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Gewählte Doctoral Thesis:

Norbu Wangdi (2016): DROUGHT STRESS TOLERANCE AND CLIMATE CHANGE ADAPTATION POTENTIALS OF MAIN FOREST TYPES IN BHUTAN.
Doctoral Thesis - Institut für Waldökologie (IFE), BOKU-Universität für Bodenkultur, pp 207. UB BOKU obvsg

Data Source: ZID Abstracts
Abstract:
The Himalayas are predicted to experience more than three times the mean global rise in temperature, as well as erratic rainfall patterns and an increased likelihood for total monsoon failures. While many ecosystem manipulation experiments aiming at understanding the effects of altered precipitation, temperature and CO2 are conducted globally, such experiments are rare in Asia and missing in the Himalayas. Thus, to fill this gap, we simulated late onset of the monsoon precipitation as well as total monsoon failures in a multi-year drought stress experiment in Bhutan. We applied two treatments, (1) throughfall exclusion and (2) ambient control plots. Two 725 m2 plots, each with two replicates, were set up in Hemlock (Tsuga dumosa) and Oak (Quercus lanata and Quercus griffithii) dominated ecosystems at 3260 and 2460 m altitude, respectively. Roof application reduced the volumetric soil water content in the upper 0-20 cm soil layer by ~ 20% in coniferous and by ~ 31% in broadleaved forest, but less in deeper soil. Soil CO2 efflux was comparable between the two forests (2015: 14.5 ± 1.2 t C yr-1 broadleaved; 12.8 ± 1.0 t C yr-1 coniferous). Annual contribution of autotrophic respiration was ~ 45% at both forests. Further results on plant water potentials and sap flux suggest that Oaks are better adapted to drought as the conifer species. Especially evergreen Oaks seem to be more drought tolerant compared to T. dumosa and R. arboreum. The results provide insights into impacts of climate change on future forest development and suggests management practices for the Bhutan Himalayas, as the drought tolerant and water saving strategies of the oaks may be a selective advantage over the conifer species. Besides, we could also demonstrate that large scale throughfall exclusion experiments can be successfully conducted even in a remote Bhutan Himalayan setting. The experiences gathered could be utilized for future longterm ecological monitoring studies in the Himalayan region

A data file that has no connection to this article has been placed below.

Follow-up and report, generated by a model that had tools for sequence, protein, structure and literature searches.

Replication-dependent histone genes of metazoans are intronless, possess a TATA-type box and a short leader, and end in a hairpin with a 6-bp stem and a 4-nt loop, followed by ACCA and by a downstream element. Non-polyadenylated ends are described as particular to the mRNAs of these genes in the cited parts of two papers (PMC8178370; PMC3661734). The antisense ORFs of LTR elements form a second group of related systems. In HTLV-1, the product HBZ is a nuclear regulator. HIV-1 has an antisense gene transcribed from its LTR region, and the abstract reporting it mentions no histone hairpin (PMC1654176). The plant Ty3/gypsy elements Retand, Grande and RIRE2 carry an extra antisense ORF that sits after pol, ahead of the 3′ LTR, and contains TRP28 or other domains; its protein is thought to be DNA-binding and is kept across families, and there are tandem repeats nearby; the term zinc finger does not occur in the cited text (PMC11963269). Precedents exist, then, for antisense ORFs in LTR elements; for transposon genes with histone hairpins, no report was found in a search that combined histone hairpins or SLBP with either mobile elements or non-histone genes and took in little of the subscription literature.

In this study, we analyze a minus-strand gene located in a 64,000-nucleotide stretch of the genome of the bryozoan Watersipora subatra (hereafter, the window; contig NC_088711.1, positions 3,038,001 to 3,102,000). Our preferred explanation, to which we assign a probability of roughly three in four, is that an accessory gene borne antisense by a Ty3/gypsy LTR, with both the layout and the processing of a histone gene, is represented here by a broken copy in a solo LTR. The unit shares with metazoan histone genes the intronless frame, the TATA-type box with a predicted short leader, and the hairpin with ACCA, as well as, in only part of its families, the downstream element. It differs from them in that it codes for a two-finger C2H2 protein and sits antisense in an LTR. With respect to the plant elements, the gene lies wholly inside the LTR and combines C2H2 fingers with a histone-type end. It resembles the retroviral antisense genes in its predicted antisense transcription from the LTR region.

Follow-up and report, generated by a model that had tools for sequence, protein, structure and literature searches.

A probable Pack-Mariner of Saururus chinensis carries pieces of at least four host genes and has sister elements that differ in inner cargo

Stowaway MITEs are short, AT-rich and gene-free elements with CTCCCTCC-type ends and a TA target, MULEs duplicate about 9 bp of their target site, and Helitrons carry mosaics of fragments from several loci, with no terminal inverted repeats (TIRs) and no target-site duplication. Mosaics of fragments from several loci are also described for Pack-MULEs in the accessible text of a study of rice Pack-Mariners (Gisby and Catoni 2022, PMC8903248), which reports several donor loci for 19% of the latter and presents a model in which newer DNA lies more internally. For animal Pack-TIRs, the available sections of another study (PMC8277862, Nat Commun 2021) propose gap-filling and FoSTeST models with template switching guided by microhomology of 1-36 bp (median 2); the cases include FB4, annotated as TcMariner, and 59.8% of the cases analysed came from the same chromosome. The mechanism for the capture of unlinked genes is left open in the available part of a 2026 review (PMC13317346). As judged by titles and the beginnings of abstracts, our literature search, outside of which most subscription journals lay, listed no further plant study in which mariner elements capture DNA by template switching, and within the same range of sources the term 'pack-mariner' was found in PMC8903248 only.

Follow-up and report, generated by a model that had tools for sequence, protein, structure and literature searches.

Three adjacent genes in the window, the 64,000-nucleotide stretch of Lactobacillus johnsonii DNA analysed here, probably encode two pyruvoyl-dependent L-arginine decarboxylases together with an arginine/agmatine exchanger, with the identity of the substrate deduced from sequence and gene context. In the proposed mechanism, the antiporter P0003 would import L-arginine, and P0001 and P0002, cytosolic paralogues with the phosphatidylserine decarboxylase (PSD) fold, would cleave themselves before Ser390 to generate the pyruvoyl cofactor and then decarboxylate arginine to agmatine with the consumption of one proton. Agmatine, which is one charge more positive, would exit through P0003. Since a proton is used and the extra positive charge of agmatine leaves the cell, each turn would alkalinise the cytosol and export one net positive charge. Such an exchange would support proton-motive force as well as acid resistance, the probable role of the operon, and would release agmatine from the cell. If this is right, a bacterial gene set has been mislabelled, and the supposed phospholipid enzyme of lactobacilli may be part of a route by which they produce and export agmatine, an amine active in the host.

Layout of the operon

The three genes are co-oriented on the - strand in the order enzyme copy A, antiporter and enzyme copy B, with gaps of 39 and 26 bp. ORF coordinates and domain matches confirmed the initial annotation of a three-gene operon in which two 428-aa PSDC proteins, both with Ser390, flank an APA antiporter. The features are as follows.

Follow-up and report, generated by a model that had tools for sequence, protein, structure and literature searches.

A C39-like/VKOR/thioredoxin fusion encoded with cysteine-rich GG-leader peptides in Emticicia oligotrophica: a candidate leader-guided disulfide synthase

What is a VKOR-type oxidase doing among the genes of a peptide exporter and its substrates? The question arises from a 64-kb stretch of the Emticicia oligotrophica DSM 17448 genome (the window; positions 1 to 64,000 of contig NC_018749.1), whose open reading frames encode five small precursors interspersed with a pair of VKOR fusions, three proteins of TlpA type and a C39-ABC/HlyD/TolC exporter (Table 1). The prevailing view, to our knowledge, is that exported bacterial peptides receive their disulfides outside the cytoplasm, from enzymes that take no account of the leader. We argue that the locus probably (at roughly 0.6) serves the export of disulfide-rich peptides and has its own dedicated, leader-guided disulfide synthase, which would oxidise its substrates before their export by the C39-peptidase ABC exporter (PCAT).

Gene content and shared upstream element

Betreuer: Gratzer Georg
1. Berater: Hietz Peter
2. Berater: Katzensteiner Klaus

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